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Lateral view of a Male Baetis (Baetidae) (Blue-Winged Olive) Mayfly Dun from Mystery Creek #43 in New York
Blue-winged Olives

Tiny Baetis mayflies are perhaps the most commonly encountered and imitated by anglers on all American trout streams due to their great abundance, widespread distribution, and trout-friendly emergence habits.

Dorsal view of a Amphizoa (Amphizoidae) Beetle Larva from Sears Creek in Washington
This is the first of it's family I've seen, collected from a tiny, fishless stream in the Cascades. The three species of this genus all live in the Northwest and are predators that primarily eat stonefly nymphs Merritt R.W., Cummins, K.W., and Berg, M.B. (2019).
27" brown trout, my largest ever. It was the sub-dominant fish in its pool. After this, I hooked the bigger one, but I couldn't land it.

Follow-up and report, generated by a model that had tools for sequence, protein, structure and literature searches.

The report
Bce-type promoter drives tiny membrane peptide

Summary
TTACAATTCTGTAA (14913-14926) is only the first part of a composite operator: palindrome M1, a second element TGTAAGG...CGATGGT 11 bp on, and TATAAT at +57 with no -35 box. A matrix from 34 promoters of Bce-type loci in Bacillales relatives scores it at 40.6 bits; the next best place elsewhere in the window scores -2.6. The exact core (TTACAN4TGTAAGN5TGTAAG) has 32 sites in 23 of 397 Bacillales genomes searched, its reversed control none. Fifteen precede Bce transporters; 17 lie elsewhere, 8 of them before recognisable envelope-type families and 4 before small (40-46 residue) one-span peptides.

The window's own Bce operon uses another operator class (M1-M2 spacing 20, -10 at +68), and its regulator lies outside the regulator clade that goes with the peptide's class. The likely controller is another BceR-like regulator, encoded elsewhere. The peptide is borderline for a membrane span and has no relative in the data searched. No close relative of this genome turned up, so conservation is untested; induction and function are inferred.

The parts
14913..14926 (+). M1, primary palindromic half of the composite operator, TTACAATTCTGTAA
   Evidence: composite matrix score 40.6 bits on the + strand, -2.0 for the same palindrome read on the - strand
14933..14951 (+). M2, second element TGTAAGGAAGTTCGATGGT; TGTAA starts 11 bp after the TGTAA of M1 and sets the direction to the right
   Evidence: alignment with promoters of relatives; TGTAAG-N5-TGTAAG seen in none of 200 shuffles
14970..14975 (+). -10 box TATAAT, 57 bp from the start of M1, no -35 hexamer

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Caddisfly Genus Ecclisomyia (Early Western Mottled Sedges)

The two Western species Ecclisomyia conspersa and Ecclisomyia maculosa are often found in the same streams.

Where & when

Preferred waters: Mountain streams

In 76 records from GBIF, adults of this genus have mostly been collected during July (39%), June (30%), August (13%), and May (11%).

In 54 records from GBIF, this genus has been collected at elevations ranging from 66 to 11886 ft, with an average (median) of 6594 ft.

Genus Range

Larva & pupa biology

Diet: Plant matter and plankton

Start a Discussion of Ecclisomyia


Caddisfly Genus Ecclisomyia (Early Western Mottled Sedges)

Genus Range
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